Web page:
The film chronicles the 1934 Nazi Party Congress in Nuremberg, which was attended by more than 700,000 Nazi supporters and according to Sontag was designed for the convenience of the cameras where reality has been reconstructed to fit the fascist message (Sontag, 1975). The beauty and symmetry of the marching torch parade and the precision of the organized event provide a psychological spectacle that Ellul states are essential to the success of propaganda. Ellul (1957) states that “propaganda employs psychological methods of influencing; attempts to predetermine a decision” (p. 66). The use of visuals and symbolism of the torches, swastikas, and uniforms creates emotion for the observer and removes the normalcy of everyday object identification to subjective interpretation, a desire to participate in the beauty of the spectacle. Triumph of the Will, use of mystic symbols, torches, pageantry, and uniforms creates the fascist aesthetic as perfection in the propagandist art (PowerPoint, week
Propaganda is the dispersal of information to impact or control large groups of individuals. The story of how the Nazi rose to power in Germany is regularly seen as an ideal example of how to accomplish political ends through propaganda. They were so powerful and forceful in utilizing publicity and propaganda to assemble support for their gathering and arrangements for war. In authoritarian regimes like Nazi Germany, propaganda played a notable role in persuading and convincing the Germans to believe in Hitler’s regime. Nazi used propaganda for two purposes, to construct a favorable and pleasing image of Hitler and to create a cynical and obstructive perception of those thought to be adversaries, especially Jews.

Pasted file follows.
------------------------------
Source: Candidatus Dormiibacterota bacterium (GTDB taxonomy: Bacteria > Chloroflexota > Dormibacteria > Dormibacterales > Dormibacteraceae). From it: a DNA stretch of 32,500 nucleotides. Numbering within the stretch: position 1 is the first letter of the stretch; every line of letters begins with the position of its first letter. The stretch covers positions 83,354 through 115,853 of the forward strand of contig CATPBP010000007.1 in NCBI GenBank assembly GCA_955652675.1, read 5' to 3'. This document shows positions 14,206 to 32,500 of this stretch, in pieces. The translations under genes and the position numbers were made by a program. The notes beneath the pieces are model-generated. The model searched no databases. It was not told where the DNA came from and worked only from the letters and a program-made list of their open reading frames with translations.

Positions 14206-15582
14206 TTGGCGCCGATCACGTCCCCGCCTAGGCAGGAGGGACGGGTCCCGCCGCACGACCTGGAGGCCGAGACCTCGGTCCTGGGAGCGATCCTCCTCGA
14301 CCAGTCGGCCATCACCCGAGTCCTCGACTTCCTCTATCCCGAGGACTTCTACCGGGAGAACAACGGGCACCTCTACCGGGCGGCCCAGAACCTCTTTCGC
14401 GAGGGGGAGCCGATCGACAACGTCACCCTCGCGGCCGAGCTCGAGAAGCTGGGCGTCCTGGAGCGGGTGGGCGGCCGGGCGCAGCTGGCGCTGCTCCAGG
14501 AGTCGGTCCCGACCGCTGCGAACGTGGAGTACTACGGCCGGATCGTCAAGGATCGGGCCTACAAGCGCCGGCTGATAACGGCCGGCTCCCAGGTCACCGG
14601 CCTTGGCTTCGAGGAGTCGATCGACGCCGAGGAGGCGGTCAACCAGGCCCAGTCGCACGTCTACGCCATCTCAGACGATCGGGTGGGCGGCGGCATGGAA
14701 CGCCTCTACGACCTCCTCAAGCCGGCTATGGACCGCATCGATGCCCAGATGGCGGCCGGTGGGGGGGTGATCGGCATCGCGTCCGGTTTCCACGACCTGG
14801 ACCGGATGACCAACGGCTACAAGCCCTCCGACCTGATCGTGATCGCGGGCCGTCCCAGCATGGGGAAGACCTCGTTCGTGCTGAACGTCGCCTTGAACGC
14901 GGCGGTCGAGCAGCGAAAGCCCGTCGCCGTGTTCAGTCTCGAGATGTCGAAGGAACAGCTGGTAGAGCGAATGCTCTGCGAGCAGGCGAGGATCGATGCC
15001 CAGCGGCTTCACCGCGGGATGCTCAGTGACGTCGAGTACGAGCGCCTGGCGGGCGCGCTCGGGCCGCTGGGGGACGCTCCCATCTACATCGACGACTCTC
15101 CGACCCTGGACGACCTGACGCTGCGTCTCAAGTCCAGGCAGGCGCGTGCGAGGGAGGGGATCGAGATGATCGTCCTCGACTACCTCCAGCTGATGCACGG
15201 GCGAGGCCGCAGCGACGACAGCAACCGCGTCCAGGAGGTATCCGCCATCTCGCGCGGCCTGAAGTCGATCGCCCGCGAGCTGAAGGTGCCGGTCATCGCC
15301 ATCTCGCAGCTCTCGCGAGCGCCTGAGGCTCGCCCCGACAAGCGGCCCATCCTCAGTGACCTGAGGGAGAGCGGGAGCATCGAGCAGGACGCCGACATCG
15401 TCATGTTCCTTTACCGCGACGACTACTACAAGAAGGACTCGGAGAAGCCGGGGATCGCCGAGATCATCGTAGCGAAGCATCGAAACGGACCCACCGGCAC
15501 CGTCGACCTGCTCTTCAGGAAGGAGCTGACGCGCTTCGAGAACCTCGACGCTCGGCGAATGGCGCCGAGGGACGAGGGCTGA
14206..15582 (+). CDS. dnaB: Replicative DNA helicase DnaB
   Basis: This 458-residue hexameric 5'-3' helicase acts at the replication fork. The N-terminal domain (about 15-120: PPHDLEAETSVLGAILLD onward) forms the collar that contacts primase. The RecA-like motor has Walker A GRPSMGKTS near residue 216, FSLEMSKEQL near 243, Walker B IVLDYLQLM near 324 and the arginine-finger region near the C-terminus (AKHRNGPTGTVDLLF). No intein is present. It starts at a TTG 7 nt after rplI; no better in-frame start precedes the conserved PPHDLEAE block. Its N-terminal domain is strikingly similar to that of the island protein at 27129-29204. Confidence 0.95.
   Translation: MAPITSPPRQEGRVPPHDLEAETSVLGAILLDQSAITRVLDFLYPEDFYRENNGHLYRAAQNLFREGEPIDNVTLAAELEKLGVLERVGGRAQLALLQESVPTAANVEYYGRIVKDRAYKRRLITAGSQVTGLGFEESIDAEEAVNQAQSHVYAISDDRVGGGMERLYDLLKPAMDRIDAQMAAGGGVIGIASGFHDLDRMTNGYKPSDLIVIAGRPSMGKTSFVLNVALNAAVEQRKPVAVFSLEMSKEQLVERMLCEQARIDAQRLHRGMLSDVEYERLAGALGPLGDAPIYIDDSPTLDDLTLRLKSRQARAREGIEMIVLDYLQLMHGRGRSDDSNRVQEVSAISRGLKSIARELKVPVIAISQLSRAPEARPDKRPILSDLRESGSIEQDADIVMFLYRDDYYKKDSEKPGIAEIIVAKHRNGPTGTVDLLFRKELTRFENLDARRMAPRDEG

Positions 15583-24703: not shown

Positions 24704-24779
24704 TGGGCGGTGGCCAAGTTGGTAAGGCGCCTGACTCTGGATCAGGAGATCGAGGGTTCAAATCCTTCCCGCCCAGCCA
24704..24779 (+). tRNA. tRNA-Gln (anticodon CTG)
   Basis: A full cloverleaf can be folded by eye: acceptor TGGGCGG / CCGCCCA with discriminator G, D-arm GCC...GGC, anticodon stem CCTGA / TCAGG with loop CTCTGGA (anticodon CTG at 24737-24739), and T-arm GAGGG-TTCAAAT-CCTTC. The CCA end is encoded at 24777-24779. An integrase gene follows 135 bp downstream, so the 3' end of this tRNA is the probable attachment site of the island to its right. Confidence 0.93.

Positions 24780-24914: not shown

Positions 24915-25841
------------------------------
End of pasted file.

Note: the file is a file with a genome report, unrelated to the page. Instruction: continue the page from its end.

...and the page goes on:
Alan Sennett gives more interesting insight about the power of imagery in his journal article, Film Propaganda: Triumph of the Will as a Case Study: Of particular significance and artistic merit is the aforementioned opening sequence that constructs Hitler as a god-like figure descending from the heavens through the clouds over Nuremberg to visit his adoring worshippers. The powerful religious imagery of the first part of the film surely could not have been achieved simply through competent montage of newsreel sequences. Riefenstahl’s careful editing of footage taken with wide angle and telephoto lenses from prepared positions locates the audience within the spectacle itself. One of the first feelings I had when watching the film was that I was at the rally among the people. The footage was different from clips and films I have watched in history class or on the history channel.
Produced in 2005, Marc Rothermund’s Sophie Scholl – The Final Days illustrates how life is a matter of choice and not chance. Using symbolism, Sophie Scholl confronts the major social issues inflicted by Nazi Germany in the mid twentieth century. One social issue, the freedom of thinking, is the main theme within the film. The producers strive to exemplify this as they demonstrate the courage and strength of Sophie and Hans Scholl. Freedom within Germany was almost non-existent as Adolf Hitler and the Nazis slowly went into denial after the defeat at the Battle of Stalingrad.